War on plastic: SA seafood restaurant chain bans straws

first_imgPlastics are the scourge of the ocean, with millions of tons annually finding their way into the world’s open waters and then into the stomachs of marine life.In an effort to help save the oceans from plastic pollution, the Ocean Basket restaurant chain is no longer offering customers straws with drinks and bags for takeaway meals. (Image: Pixabay)CD AndersonOne of the most notorious plastic products, doing the most harm, is the ordinary drinking straw. Popular seafood franchise Ocean Basket has banned the use of straws in all its restaurants.Each day, around the world, more than 500 million drinking straws are used and discarded. While some are recycled, most are dumped in landfills and find their way into the ocean, where plastic pollution is taking its toll on wildlife.One million seabirds die from ingesting plastic every year, in addition to more than 100,000 other marine animals. In one example, inspecting the stomach contents of a sea turtle that died from ingesting plastic refuse, Marine Conservation Institute scientists found more than a hundred drinking straws, alongside plastic bags, cigarette butts and plastic bottle tops.Ocean Basket has now officially implemented a ban on the use of straws – and plastic bags – in all 168 of its restaurants nationwide, rolling out during 2018. The ban is the first step the brand is taking in raising awareness of the effects of plastic pollution on the planet and its oceans. The company will also push for the ban in its restaurants around the rest of Africa, of which there are more than 20 – including in Nigeria and Zimbabwe – during the course of the year.(Image: Ocean Basket)The move follows a global trend by the food and hospitality industry to reduce its plastic use. The US city of Seattle has banned straws and plastic packaging outright, including large fast food franchises; internationally, these large brands have yet to implement a full plastic ban. In 2017, Kenya banned the use of plastic bags completely.Ocean Basket understands the ban is as much a moral decision as it is an economic one, stating in the official announcement of the straw ban on 10 January 2018: “The ocean sustains us with the basic elements of life; it produces half the oxygen we breathe, helps to provide the water we drink and delivers [to] us the very core of our business success – seafood.”The company is the first large food franchise in South Africa to implement the ban, and it hopes the other big names in the industry will take note and follow suit.“Ocean Basket is building a movement… [that] inspires all of us to prevent plastic pollution, reduce waste, improve recycling and live cleaner, healthier lives. Watch this space as we begin the rollout of projects over the next 18 months,” the company said.Smaller independent food outlets around the country, many in the Western Cape, have also effected a ban on straws and plastics in their day-to-day operations.Ocean Basket says the ban has been largely supported by its customers, and has encouraged consumers to take the message to social media, using the hashtag #refusethestraw to spread the word.The company is well known for its corporate responsibility, particularly when it comes to its primary product, seafood. Ocean Basket, as per the guidelines of the Southern African Sustainable Seafood Initiative (Sassi) only uses seafood that has been harvested in a responsible, ethical manner.Greenpeace Africa has applauded Ocean Basket for the ban, welcoming more corporate involvement and responsibility in tackling environmental challenges. It hopes that more South African companies take note of the example set by Ocean Basket and are inspired to meet the same challenge and even take it further towards the ultimate goal: the complete eradication of processed industrial plastics across the board.(Infographic: Two Ocean Aquarium, Cape Town / Marine Conservation Institute)Source: News24, Good Things Guy website, Greenpeace Africa, Marine Conservation Institute Would you like to use this article in your publication or on your website? See Using Brand South Africa material.last_img read more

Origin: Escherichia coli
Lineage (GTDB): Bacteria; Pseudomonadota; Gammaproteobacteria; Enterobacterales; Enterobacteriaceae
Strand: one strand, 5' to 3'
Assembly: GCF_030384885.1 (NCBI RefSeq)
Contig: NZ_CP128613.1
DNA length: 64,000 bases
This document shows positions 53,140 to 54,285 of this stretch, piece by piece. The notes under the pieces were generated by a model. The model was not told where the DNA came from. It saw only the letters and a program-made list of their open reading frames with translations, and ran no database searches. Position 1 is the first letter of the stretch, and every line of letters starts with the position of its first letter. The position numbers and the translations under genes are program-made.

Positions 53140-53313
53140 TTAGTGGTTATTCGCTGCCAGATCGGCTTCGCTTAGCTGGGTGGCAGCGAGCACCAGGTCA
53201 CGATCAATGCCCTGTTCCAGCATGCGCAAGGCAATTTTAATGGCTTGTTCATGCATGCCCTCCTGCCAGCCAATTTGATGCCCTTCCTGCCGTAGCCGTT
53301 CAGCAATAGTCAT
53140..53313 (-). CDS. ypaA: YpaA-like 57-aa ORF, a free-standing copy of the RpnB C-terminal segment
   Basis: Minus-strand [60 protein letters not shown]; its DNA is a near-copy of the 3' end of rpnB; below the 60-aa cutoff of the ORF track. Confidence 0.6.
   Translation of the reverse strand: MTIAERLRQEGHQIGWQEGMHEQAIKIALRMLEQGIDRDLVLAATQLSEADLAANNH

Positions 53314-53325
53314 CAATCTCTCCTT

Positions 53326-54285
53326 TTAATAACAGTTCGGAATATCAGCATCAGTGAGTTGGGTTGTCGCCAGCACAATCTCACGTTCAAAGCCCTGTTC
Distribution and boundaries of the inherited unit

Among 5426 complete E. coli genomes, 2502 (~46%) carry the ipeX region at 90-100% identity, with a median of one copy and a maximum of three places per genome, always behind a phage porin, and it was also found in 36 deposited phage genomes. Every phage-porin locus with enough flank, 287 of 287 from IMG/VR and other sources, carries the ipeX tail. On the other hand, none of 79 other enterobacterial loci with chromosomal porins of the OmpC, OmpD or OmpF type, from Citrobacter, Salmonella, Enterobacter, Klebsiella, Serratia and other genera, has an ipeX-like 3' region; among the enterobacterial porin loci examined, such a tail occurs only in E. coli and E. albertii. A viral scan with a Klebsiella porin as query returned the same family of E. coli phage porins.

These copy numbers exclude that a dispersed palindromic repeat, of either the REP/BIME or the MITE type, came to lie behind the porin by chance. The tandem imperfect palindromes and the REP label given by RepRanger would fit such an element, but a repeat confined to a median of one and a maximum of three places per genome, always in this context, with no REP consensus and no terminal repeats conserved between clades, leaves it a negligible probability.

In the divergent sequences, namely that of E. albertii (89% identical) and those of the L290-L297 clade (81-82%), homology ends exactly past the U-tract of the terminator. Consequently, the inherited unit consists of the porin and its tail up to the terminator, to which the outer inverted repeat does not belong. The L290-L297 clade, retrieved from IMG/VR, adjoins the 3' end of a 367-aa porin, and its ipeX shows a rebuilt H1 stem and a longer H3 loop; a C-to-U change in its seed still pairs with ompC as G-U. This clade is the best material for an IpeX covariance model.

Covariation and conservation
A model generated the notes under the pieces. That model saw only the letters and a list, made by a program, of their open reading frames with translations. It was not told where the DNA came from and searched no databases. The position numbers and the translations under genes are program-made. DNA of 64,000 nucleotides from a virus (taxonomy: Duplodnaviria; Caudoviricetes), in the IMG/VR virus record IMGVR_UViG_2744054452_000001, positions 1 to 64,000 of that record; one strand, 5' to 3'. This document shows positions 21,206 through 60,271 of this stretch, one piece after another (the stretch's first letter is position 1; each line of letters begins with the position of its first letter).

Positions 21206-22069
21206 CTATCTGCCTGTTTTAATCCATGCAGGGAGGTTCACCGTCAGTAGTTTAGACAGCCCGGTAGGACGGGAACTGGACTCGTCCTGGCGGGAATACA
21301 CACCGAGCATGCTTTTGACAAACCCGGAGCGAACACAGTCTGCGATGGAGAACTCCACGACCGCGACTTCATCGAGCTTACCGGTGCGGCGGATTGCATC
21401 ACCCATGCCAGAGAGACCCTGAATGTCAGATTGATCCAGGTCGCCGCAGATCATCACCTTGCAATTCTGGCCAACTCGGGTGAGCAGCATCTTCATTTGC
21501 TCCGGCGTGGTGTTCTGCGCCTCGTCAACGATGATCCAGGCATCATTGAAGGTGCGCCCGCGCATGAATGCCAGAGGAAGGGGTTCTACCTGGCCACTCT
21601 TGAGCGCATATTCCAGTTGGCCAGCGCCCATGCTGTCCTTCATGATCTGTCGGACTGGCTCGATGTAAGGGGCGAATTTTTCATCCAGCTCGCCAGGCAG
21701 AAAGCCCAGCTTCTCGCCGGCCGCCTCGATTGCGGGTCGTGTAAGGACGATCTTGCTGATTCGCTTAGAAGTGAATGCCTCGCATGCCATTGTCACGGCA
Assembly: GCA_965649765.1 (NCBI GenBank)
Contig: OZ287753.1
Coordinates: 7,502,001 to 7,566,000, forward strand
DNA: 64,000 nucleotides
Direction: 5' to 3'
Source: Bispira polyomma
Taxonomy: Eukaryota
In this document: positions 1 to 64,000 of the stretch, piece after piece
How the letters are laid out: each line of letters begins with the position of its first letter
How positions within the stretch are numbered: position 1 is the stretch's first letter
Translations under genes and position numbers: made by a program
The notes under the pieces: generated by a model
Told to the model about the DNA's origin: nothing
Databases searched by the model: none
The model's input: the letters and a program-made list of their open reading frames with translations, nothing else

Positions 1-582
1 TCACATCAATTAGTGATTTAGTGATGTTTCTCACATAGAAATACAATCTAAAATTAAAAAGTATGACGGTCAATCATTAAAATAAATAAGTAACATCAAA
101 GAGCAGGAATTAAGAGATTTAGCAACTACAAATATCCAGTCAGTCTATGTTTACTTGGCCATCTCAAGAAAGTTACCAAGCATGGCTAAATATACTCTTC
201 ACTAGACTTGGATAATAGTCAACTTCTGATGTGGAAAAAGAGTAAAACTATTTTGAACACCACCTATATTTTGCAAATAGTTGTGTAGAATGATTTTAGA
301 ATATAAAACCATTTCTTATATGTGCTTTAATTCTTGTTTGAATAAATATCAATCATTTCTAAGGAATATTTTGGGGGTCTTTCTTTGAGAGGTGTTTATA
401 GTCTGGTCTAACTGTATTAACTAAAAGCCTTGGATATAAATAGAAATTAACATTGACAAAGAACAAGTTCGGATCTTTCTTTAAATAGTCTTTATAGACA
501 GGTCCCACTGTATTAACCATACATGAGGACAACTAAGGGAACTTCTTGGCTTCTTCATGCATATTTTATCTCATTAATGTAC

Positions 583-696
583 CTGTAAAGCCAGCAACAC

City of Aspen Dumps Energy Rating Index